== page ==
Sisters of Saint Joseph of Annecy

The “Cordeliers” Statue of St. Joseph


Since the announcement of the sale of the Mother House and the subsequent emptying of the property, the Generalate has become a place of refuge for many of the Congregation’s “precious” items – some of which date back to 1835, when the Sisters first moved to 10, Place au Bois. It is hoped that eventually it will be possible to use the Choir and Mother House Chapel in some way in order to create a “heritage” or “living history” centre. When this happens, some of those precious objects will form part of the exhibition, but until then they will remain in “Fontbonne.”

The arrival of the old weather-beaten statue of St. Joseph which had stood in the niche in the cloisters near the sacristy door, together with a plaque commemorating the one hundred and fiftieth anniversary of the Congregation in 1983, led us to question its history. Was there a relationship with the plaque? Its appearance suggested that the statue was much older. Some Sisters had heard stories but no one seemed very sure of its provenance.

The discovery of a painting behind a picture of Annecy in the Television room helped us find the answer. A gentleman had purchased what he thought was a painting of the lake and the mountains but when he came to collect it, he found that it was in fact, a poster, behind which was an oil painting of the martyrdom of the Sisters in Privas during the French Revolution. There were many questions regarding the identity of the painter. As it was difficult for the Sisters to remove the painting from the wall without professional help, it was impossible to ascertain if it was the work of Sr. Magdalene Wallace who, it was maintained, always put her name on the back her paintings. Once again, Sisters proposed a few theories, based on the anecdotes they had heard in the past. Inquiries were made in both the Province of France and the English Province and it was suggested that the book, “His Mercy is from Age to Age”, by Sr. Michael Joseph Bourne, which had been published in 1983, might be a useful resource. It was while looking for clues regarding the painting, that the solution to the “mystery” regarding the statue of St. Joseph was uncovered.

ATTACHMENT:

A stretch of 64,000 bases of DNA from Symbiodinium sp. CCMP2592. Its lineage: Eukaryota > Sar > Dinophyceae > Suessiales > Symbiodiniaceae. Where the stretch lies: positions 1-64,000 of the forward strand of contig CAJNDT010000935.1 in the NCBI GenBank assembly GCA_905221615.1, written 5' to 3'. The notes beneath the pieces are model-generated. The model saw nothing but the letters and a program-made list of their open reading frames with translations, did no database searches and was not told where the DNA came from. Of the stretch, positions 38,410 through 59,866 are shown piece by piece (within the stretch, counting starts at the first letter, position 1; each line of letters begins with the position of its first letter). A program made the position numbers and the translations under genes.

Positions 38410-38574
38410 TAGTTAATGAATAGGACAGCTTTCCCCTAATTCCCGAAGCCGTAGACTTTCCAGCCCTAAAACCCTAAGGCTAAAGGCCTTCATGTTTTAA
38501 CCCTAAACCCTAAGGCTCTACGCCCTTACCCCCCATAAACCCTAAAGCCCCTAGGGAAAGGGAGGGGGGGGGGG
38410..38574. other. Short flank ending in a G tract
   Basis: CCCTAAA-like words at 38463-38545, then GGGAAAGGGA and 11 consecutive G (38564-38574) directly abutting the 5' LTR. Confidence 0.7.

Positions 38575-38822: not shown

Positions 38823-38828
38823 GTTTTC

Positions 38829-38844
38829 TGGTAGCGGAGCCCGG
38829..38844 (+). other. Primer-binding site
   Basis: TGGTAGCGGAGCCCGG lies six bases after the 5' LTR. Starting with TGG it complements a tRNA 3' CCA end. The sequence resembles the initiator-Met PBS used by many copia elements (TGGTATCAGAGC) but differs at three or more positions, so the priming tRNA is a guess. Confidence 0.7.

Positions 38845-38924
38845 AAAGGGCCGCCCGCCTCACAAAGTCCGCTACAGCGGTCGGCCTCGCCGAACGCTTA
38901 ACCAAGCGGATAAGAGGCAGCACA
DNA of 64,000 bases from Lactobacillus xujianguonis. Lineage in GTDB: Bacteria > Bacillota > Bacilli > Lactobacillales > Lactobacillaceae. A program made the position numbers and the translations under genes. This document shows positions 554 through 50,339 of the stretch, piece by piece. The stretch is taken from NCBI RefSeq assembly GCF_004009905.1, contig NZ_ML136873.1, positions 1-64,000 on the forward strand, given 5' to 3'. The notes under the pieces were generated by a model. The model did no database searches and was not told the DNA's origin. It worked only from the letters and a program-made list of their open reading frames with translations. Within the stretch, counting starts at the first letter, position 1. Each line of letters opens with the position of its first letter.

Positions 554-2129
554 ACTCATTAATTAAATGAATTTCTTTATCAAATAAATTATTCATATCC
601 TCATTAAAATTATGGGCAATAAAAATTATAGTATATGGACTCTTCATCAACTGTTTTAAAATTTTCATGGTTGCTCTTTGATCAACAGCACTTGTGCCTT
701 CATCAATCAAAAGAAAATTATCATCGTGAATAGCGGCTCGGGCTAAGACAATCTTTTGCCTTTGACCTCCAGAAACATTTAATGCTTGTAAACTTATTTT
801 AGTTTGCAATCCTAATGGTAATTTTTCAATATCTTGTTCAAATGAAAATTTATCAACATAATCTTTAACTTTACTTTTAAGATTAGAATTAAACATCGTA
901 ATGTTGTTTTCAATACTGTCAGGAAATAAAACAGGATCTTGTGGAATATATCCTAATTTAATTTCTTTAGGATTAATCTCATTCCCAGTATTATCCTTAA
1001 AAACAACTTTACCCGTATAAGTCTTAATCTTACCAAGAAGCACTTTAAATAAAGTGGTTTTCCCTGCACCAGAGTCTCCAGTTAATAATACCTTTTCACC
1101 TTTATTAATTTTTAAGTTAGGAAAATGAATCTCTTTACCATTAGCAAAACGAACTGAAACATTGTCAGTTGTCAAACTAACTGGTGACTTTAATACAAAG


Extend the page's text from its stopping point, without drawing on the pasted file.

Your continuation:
Sr. Michael Joseph had recounted the founding of the Sisters of St. Joseph in 1650 and the events which followed, as well as the history of the Congregation of the Sisters of St. Joseph of Annecy. We read that Mother St. John had been asked to send Sisters to Evian in 1822 in order to open a school. They had been given possession of a property which was in a very bad state of repair as it had been confiscated from the Friars Minor of the Observance – otherwise called “Cordelier” – (Grey friars), in 1793 during the Revolution. Sister tells us that a wooden statue of St. Joseph had managed to escape destruction and had come into the possession of the Brothers of Christian Doctrine who were teaching in Annecy and surrounding areas at the time the Sisters moved into the Mother House in 1835. They decided that, since the Sisters now owned the property at Evian, the statue of St. Joseph was rightly theirs, and they had the “happy thought” to present it to the Sisters of the Mother House as a gift to mark their first Christmas in their new home.

It was placed in the garden but because it was showing signs of deterioration, it was moved in 1933, the centenary year, to the niche in the cloisters where it was to remain for eighty three years. Sr. Michael Joseph recounts that a new statue was erected in its place in the garden. The “Cordeliers” St. Joseph continues to keep a watchful presence over his dear Congregation just as he has for the last one hundred and eighty two years – but now he is safe and warm indoors – close to the door of Sr. Pauline’s office!

Sr. Magdalen Wallace

Sr. Magdalen, nee Mary Winefride Wallace was born on 7th October 1873 in Mount Vernon, New York, USA. After her father’s death Mary moved with her mother to England. Two outstanding events in her life were her conversion to Catholicism and her entry into Religious Life. The process of her conversion took many years and on 4th September 1901 she became a Catholic. Eight years later she entered the Novitiate in Annecy – returning to England at the end of her period of formation.

Sr. Magdalen was in community in Clifton and then went to teach in our High School in Newport. Highly gifted as an artist, her paintings were to be seen at the Mother House and throughout the English Province. In 1933 Sister painted pictures of the Way of the Cross for the Chapel at Stow Hill, Newport. They remained there until the community was closed in 1977. At that time a request came from India for a Way of the Cross for the church in Parvatipuram and so the paintings were sent there. We in the English Province were delighted to share in this way.